Posts Tagged ‘Why we buy or don’t buy cars’

Cars with “friendly faces” could be the key to saving the American Auto industry

July 11th, 2009
Anger

Anger

MDX 2009
MDX 2009

In October of 2001 my husband, Phil, and I bought an Acura MDX.   We have loved it and the service at our Acura dealership has been great.  After logging 145,000 miles we figured we’d trade this one in for the 2009 model.

So off we went this week for a test drive. In eight years Acura has improved all of the things we already loved about this car. So why didn’t we drive it home? Phil summed it up, “I hate the new front grill. The car looks angry.”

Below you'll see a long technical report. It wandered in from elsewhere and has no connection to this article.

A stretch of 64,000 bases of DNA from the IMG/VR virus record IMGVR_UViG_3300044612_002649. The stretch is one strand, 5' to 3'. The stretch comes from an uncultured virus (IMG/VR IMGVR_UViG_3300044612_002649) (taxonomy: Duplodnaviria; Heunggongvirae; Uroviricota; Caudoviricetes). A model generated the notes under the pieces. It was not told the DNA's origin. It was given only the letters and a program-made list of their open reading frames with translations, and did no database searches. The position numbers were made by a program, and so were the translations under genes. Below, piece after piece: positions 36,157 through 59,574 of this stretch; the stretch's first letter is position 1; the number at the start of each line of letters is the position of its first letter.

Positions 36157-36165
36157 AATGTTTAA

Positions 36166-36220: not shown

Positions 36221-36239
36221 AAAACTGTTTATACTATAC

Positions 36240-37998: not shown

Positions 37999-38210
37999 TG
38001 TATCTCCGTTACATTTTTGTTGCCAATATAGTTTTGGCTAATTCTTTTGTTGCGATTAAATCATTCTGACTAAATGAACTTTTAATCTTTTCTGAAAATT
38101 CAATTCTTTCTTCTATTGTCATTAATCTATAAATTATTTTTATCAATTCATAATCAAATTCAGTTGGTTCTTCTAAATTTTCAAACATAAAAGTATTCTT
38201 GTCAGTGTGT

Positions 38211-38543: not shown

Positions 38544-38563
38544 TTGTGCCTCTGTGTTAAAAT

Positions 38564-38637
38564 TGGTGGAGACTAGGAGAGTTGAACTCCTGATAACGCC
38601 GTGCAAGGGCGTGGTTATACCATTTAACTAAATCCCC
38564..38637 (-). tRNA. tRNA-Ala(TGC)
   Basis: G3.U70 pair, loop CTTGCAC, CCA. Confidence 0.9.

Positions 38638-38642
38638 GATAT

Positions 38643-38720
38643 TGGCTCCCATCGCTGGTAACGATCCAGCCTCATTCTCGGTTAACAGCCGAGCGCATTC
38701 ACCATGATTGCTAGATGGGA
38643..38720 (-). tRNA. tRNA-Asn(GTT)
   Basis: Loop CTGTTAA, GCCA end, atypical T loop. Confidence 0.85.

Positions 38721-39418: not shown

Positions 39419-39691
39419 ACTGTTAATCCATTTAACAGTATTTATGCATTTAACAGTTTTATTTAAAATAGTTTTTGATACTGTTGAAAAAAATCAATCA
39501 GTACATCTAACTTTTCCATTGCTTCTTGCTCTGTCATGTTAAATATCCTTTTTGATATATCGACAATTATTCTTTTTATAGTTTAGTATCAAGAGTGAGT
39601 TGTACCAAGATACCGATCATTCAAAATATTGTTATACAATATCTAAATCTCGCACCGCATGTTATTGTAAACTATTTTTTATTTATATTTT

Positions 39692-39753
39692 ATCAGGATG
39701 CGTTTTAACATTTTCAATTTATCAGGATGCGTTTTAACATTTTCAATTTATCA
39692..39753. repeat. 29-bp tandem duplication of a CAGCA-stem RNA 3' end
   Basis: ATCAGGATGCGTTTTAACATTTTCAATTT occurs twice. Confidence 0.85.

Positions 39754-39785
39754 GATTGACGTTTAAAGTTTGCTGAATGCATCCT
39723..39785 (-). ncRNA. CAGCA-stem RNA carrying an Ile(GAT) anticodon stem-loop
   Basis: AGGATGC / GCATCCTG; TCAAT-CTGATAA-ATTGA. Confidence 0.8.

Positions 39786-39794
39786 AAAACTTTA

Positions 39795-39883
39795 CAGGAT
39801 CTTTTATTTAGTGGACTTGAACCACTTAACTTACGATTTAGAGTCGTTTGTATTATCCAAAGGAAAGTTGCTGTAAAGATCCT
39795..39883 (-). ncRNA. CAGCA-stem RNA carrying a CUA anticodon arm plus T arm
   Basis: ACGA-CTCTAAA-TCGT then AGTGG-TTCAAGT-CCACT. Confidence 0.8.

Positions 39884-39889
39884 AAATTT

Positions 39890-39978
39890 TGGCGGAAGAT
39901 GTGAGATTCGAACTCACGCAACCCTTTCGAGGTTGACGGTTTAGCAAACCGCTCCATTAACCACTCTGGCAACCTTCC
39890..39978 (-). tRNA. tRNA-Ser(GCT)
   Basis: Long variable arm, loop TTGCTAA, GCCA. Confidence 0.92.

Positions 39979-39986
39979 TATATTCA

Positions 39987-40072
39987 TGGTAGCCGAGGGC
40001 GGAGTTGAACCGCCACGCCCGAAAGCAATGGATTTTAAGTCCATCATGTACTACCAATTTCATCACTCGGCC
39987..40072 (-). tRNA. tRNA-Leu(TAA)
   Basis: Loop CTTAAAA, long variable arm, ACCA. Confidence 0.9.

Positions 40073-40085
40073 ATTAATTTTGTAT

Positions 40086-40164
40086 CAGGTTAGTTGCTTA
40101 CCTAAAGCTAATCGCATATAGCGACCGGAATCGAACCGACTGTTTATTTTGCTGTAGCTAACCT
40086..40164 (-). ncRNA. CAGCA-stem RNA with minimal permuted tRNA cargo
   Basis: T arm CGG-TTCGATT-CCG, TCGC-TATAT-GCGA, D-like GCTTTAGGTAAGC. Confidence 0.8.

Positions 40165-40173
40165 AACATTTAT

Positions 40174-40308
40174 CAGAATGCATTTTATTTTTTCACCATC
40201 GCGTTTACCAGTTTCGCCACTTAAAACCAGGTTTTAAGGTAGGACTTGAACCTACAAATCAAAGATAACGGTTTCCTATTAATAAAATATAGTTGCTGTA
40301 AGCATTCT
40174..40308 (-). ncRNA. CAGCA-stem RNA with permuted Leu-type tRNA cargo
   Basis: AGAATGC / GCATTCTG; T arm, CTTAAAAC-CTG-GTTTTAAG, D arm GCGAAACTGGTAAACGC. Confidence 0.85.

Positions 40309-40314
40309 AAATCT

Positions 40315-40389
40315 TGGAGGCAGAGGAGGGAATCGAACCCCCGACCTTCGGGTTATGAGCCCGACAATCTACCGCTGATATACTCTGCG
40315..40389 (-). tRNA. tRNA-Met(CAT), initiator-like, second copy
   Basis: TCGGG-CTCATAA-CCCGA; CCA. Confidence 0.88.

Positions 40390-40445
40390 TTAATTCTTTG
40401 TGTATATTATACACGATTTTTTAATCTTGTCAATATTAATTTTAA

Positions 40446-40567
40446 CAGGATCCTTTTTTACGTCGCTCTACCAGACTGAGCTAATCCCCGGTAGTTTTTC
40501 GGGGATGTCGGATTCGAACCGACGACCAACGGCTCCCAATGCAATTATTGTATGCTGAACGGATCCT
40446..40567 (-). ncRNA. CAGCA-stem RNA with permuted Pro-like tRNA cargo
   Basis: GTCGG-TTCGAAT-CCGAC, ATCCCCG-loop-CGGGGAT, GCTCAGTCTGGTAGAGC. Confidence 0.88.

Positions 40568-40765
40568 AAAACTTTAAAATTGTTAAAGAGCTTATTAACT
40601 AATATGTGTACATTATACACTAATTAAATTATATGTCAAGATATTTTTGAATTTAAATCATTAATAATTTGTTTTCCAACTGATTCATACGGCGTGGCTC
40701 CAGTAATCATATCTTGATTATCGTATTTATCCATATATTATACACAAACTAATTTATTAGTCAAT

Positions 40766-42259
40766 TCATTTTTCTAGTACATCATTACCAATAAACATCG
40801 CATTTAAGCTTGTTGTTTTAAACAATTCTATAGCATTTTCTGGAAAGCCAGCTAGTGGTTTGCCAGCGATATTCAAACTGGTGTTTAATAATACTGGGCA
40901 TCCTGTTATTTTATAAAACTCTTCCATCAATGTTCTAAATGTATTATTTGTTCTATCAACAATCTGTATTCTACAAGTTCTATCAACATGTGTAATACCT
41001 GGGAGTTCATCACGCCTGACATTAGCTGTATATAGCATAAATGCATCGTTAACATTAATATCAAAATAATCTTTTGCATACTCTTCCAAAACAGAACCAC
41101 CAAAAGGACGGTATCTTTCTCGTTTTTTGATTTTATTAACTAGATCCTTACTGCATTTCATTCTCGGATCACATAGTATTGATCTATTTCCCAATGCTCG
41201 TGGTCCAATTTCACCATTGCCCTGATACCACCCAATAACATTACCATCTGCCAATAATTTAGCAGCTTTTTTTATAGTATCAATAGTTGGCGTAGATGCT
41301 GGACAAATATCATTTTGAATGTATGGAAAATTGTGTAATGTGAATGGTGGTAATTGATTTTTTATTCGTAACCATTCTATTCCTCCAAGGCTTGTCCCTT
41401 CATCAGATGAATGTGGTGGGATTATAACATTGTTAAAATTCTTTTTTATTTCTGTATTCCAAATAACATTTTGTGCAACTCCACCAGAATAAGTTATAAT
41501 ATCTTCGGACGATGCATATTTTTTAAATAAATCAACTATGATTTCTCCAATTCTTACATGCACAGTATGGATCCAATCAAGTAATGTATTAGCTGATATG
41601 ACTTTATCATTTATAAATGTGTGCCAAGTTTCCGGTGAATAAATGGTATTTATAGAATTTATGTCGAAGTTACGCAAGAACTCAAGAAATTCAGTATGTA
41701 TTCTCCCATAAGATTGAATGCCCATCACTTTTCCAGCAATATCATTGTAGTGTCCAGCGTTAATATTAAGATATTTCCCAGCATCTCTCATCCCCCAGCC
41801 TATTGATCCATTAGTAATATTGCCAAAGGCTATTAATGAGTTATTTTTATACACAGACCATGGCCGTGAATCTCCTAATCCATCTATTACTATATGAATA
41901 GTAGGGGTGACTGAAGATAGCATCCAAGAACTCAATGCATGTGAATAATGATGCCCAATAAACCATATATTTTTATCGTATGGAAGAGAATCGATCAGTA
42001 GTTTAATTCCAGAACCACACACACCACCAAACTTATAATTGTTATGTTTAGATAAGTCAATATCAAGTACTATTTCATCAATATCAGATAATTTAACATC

Functional MRI (fMRI) studies have shown that we recognize cars and trucks with the same neural networks “brain modules” that we use to recognize human faces. Determining if an approaching person is friend or foe has been crucial for men and women since the beginning of time. Similar to a stranger approaching you on the sidewalk, cars move towards you on the roads. Norman Dodge, MD says in his book, The Brain that Changes Itself, “It is likely that the (brain’s) face module was most competitively suited to process these shapes–headlights are sufficiently like eyes, the hood like a nose, the grill like a mouth–so that the plastic brain, with a little training and structural alternation, could process a car with its facial recognition system.”

People express anger by pulling the brows slightly together, pushing the chin out and raising the eyelids, causing a glaring look.  Do you think the MDX is glaring at you?